28 January 2016 at 12.15pm | 6 Comments
In 2011, prior to the premiere of Richard Jones’ subsequently acclaimed production of Puccini's Il Trittico, Conductor and Music Director of The Royal Opera Antonio Pappano presented an Insight event focused around two of the three operas, Il tabarro and Suor Angelica.
‘He was always searching for a reason to create a different canvas with each opera', says Pappano. 'Tosca sounds completely different from La bohème; La bohème sounds completely different from Manon Lescaut.'
Antonio Pappano on Il tabarro
‘The idea of repeated bits of music, is akin to a groove in pop music or a riff in jazz music', says Pappano.
The second of these techniques is parallelism - the parallel movement of two or more chords. 'It is one of the most important devices Debussy created', says Pappano. The harmonic variation this creates is one of the ways in which the music depicts the 'seedy' dock-side setting of Il tabarro. Throughout the one-act opera, there's a sense of undulation, the feeling of water, there’s even sounds of a tugboat.'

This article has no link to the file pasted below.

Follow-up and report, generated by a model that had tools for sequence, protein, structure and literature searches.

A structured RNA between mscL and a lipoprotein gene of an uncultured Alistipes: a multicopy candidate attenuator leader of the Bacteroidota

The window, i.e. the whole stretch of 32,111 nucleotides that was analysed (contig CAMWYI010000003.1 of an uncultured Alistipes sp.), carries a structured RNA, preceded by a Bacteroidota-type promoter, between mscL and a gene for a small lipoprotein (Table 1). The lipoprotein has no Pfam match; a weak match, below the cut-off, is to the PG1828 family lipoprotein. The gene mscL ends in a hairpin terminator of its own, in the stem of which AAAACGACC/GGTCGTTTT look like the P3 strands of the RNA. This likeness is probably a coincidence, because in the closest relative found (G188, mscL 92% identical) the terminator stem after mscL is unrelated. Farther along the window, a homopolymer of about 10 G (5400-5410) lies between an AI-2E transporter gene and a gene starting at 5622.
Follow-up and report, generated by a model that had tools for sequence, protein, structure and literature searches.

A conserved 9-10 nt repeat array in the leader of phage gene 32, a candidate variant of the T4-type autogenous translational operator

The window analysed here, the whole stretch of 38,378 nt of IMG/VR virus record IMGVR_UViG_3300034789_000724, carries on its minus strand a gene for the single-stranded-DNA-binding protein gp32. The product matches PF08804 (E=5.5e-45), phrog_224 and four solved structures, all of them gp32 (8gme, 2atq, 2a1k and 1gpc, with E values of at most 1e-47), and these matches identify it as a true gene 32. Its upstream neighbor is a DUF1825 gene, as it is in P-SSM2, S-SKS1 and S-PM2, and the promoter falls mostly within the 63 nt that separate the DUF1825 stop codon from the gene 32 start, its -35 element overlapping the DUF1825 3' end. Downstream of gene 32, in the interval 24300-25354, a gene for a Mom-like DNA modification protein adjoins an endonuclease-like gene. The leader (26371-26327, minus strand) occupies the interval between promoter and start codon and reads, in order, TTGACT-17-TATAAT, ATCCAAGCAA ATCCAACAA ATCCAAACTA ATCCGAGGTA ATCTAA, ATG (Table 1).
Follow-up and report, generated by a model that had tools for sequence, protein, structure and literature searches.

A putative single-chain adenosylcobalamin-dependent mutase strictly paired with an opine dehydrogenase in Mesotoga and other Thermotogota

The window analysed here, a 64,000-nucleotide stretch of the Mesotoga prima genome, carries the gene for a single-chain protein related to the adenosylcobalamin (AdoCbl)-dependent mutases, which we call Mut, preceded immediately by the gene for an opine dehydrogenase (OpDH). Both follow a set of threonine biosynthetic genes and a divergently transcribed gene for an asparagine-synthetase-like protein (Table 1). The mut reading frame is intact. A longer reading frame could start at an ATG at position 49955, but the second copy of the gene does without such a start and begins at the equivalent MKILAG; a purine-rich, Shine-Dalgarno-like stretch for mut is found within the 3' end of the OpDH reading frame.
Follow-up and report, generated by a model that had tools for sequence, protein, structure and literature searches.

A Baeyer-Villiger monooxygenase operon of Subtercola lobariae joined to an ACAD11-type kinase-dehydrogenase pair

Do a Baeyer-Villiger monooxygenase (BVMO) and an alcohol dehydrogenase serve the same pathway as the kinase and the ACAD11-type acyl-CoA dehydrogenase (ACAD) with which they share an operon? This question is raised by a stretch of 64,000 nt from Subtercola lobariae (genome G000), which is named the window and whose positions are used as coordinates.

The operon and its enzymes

Antonio Pappano on Suor Angelica
In Suor Angelica, Puccini builds the anticipation of seeing the lead characters through off-stage singing and bell-like melodies, a device regularly employed by the composer thoughout his works:
'It's almost a zen feel', said Pappano. 'You hear this voice from off-stage, from afar. You also hear [music like] bird-song using piccolo off-stage. It's such a tender and sweet atmosphere'.
For Pappano it is not simply the musical techniques that hypnotise the audience but Puccini’s ability to employ them around the stage and draw the audience in. 'Puccini was a fantastic theatre man', says the conductor.
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Il trittico runs 25th February - 15th March. Tickets are still available.